Probiotics are most commonly definined as "live microbial food supplement that affects beneficially the host animal by improving its intestinal microbial balance." This definition emphasizes the importance of living cells as essential components of probiotics.
The word “probiosis” comes from Greek: pro and BIOSIS (life), and therefore is opposed to antibiosis, as probiotics promote the proliferation of bacterial species within the gastrointestinal tract. Probiosis is defined as "the ability of the normal flora of the adult to resist the excessive growth and establishment of foreign components" which is enhanced or restored by probiotics. The concept of probiotics applied to preventive medicine emerged from the research of Dr. Metchnikoff. He postulated that the longevity observed in the Balkan people was due to regular consumption of fermented milk containing Lactobacillus bulgaricus.
The intestine of newborn animals is relatively sterile and therefore, is deficient in micro-organisms that provide resistance to disease. The intervention of a probiotic supplement provides the intestinal microflora.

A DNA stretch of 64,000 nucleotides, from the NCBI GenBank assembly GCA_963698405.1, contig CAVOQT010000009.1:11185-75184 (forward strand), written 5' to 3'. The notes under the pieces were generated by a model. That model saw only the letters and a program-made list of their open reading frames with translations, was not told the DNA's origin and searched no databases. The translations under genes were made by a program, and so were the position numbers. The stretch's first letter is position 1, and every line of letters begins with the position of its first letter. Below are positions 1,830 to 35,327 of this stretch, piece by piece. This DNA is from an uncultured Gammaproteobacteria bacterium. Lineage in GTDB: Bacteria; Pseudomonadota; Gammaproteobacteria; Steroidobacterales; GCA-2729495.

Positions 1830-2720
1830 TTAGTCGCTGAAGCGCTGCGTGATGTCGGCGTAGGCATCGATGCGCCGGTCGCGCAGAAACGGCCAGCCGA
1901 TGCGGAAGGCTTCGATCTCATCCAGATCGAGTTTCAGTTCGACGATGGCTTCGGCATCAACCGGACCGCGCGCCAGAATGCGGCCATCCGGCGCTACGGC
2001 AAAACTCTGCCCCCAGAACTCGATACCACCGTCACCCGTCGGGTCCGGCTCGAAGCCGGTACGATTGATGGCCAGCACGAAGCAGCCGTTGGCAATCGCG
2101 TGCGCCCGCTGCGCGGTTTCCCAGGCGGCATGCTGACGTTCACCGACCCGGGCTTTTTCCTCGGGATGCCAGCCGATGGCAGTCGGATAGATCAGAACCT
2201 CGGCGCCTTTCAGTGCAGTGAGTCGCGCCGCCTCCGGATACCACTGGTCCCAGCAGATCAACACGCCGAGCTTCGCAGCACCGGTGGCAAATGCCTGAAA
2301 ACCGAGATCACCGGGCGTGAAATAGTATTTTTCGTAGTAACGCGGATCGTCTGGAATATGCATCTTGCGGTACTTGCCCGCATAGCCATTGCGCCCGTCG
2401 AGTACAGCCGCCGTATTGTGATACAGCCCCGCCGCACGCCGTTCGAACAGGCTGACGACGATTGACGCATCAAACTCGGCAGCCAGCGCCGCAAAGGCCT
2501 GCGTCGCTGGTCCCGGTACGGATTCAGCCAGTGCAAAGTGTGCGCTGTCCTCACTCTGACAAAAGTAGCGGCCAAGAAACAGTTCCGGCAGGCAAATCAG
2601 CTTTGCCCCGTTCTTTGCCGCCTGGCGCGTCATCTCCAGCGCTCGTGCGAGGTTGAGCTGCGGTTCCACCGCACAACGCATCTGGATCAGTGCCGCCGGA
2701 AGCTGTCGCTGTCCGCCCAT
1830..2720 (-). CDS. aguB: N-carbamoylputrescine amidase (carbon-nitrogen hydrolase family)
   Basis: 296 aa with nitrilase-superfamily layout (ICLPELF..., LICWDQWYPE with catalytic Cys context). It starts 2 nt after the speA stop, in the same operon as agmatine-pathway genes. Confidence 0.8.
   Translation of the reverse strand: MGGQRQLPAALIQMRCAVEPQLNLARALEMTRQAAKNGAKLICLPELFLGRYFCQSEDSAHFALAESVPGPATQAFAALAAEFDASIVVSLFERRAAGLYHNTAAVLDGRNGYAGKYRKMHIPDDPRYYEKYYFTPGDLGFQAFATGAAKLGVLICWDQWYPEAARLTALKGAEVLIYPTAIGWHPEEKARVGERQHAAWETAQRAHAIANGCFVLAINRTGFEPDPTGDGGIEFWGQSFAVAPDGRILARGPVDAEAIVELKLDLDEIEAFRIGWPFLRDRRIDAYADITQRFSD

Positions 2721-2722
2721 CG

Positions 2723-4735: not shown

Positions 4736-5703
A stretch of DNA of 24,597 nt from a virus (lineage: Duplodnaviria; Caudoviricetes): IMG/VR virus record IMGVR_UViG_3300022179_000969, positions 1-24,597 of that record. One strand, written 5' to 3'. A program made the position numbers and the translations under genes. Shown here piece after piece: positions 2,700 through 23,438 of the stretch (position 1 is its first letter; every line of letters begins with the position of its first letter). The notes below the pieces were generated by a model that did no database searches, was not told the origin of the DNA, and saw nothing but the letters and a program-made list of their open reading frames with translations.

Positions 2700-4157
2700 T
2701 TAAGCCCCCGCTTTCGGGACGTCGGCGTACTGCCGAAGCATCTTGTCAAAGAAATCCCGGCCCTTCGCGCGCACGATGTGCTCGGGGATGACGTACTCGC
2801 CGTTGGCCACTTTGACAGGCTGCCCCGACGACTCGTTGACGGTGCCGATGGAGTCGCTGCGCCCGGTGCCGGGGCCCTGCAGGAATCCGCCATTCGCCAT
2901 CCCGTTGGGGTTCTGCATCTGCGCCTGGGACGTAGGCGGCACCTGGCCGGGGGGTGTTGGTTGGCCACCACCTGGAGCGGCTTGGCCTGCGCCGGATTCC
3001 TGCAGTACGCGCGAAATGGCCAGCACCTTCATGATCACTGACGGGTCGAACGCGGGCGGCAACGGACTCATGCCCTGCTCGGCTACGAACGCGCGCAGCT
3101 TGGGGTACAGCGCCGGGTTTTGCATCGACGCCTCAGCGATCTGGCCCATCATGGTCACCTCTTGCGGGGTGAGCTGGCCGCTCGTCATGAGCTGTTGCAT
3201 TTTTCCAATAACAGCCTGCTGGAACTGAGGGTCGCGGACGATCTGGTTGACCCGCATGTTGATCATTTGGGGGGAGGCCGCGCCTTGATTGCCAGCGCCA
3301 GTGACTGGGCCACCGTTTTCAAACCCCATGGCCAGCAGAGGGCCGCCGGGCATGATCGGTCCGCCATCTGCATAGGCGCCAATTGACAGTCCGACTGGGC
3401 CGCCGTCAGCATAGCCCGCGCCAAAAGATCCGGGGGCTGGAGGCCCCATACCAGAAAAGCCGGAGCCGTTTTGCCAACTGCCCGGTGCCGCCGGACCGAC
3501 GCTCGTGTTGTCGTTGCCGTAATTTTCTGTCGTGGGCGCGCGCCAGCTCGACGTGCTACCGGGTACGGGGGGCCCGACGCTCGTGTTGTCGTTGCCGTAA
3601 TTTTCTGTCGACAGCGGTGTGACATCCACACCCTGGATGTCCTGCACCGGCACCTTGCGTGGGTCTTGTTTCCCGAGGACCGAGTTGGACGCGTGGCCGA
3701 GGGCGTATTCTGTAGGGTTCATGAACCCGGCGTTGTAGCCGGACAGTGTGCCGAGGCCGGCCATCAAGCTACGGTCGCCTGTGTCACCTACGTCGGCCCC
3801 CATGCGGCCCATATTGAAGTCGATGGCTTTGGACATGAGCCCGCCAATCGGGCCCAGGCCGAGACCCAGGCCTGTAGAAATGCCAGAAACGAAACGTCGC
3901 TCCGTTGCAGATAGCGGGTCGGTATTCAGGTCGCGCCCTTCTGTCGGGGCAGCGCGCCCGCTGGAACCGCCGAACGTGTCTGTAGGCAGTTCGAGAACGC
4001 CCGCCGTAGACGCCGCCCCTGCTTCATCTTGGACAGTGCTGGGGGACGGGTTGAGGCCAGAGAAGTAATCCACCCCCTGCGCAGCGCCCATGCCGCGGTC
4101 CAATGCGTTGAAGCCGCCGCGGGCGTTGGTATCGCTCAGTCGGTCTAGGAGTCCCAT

It has been observed that probiotics act by the following mechanisms:
- Competition for nutrients:
Within the intestine, beneficial microorganisms and pathogens use the same types of nutrients. Thus there is a general competition for these nutrients to grow and reproduce. Therefore, the more you flood the gut with beneficial microorganisms, more competition is created between beneficial microorganisms and pathogens.
- Competition for adhesion sites:
The joining of adhesion sites along the intestinal wall is important for intestinal colonization and many pathogens rely on adherence to the intestinal wall to prevent being swept out by the peristaltic movements along the intestinal tract.
- Stimulating the immune system:
Stimulation of antibody production.
- Increased macrophagic activity:
Increased levels of interferon gamma.
- Direct antimicrobial effect:
This occurs via the bacteriocins which are produced by many species of lactic acid bacteria or by producing organic acids that can have a direct effect or operate by reducing the pH.
Probiotic microorganisms act as complements to the healthy microflora by producing enzymes that help the breakdown of the polysaccharide molecules and thus make better use of nutrients from aliments. The microflora also produces vitamins, thus providing the host with a secondary source of vitamins.